Property Repair Requirements for FHA and VA Loans
Did you know that some lenders may reject the properties you’re looking at? Special loan programs, such as those offered by the Federal Housing Administration (FHA) and the Veterans Administration (VA), are beneficial to those who qualify, but they come with specific repair requirements.
If dealing with FHA or VA loans, buyers and sellers should be aware of these condition requirements
If you’re looking for an FHA or VA loan, you’ll need to find a home that fulfills the program’s condition requirements—or figure out a method to get the repairs done before the sale—in order to qualify. If you’re a seller, you’ll want to be informed of the loan programs’ repair criteria in case you need to sell to a buyer who has taken out one of these loans.
The rates and improved loan options offered by these loans are made possible because the FHA or VA is backing the loan. They want to ensure the home they help purchase is re-salable in case the borrower defaults on the loan—so they are not going to make exceptions for repairs they consider a necessity. In the end, the repairs must be completed prior to the sale for the loan to be approved.
Who is Responsible for the Repairs?
These loan programs do not stipulate whether the repairs must be made by the buyer or the seller. The buyer will frequently urge that the seller make the repairs—after all, the seller is the owner of the home and should be expected to make repairs to make it usable and appealing to potential buyers. This isn’t always the case, though. Buyers are sometimes compelled to undertake repairs in order to obtain the loan they require and the home they desire.
Some buyers may move from a conventional loan to an FHA or VA loan in the middle of the deal, which sellers should be aware of. If this happens, it’s critical to examine the agreement carefully to see if it still makes sense once all of the loan conditions have been met.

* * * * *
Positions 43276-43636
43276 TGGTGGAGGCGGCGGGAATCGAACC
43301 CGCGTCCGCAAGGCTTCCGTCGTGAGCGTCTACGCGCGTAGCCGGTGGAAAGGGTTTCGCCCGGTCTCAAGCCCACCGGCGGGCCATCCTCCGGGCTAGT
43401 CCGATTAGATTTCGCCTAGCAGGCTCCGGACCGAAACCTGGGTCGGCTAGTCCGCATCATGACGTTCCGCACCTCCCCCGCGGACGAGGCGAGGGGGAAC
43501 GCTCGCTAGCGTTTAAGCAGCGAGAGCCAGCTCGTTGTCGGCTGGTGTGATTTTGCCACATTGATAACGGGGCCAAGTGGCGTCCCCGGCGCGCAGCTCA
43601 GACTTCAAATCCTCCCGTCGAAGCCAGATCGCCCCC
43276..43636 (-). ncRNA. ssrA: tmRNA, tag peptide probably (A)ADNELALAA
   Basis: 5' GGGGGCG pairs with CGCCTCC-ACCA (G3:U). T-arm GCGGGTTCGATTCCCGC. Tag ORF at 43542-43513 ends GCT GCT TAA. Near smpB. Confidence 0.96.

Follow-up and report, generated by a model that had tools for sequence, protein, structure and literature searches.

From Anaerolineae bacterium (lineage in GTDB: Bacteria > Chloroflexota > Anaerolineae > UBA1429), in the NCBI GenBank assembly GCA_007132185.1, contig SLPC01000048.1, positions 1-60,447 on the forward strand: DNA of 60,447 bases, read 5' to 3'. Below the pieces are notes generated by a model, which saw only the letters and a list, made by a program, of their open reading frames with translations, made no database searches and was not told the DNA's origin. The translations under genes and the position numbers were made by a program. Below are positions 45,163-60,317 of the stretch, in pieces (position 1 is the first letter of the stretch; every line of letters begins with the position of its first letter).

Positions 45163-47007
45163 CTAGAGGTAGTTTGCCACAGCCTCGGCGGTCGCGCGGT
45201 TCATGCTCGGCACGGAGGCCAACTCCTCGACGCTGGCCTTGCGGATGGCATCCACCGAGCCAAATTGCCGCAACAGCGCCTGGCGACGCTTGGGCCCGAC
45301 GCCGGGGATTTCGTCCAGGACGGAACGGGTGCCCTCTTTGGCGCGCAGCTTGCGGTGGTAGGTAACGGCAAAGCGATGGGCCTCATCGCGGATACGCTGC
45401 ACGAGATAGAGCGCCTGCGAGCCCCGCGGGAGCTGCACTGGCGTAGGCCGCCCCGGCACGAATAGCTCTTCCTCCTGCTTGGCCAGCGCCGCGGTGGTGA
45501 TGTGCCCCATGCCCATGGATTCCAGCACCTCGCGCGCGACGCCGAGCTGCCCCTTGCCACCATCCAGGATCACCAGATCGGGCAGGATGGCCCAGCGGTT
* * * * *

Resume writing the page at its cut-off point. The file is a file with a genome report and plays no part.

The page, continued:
With FHA and VA loans, what is the basis for property condition?
There will be minimum property standards that these government organizations will accept when granting a loan with an FHA or VA loan. The FHA requires that every property financed with one of its loan products meet the following basic standards, according to the US Department of Housing and Urban Development (HUD):
- Safety: The property should protect the health and safety of the residents.
- Security: The house should protect the safety of the property.
- Soundness: The property shouldn’t have any physical deficiencies that affect its structural integrity.
Below is a detailed accounting of the property condition requirements for FHA and VA loans:
FHA Repair Requirements for a Home
- Non-permitted additions – Additions that are not up to code are often flagged in FHA loans, although not always
- Garages that have been built up to provide additional living space may not meet FHA requirements
- Peeling paint that is a lead hazard – Usually on homes built before 1978. Here is a guide on the Federal lead paint law.
- Damaged rain gutters and unpainted downspouts
- Outbuildings that are rotten and in need of demolition
- Malfunctioning exterior doors
- Uncovered junction boxes and exposed wiring
- Major plumbing issues and leaks
- HVAC systems that are not operational
- Major roof issues – including leaking roofs, composition over a shake, defective roofs and roofs that are expected to fail within three years
- Pest infestations that are visible and active
- Porches with rotting support columns
- Missing appliances that one can reasonably expect to be sold with a home, like a cooking range
- Bedrooms that do not meet minimum safety guidelines, including having windows that are too small to exit through or windows with bars that do not release for someone to use the window as an exit. See the complete guide to the definition of a bedroom.
- Foundation defects
- Structural defects
- Basements with water issues, such as leaks or standing water
- Standing water present in the crawl space or evidence that water puddles in the crawl space at times
- Kitchen appliances that are not operational, such as a broken faucet or stove
- Non-operational swimming pools, including pools that are empty, pools that do not have a working pump and pools that have been abandoned and contain standing water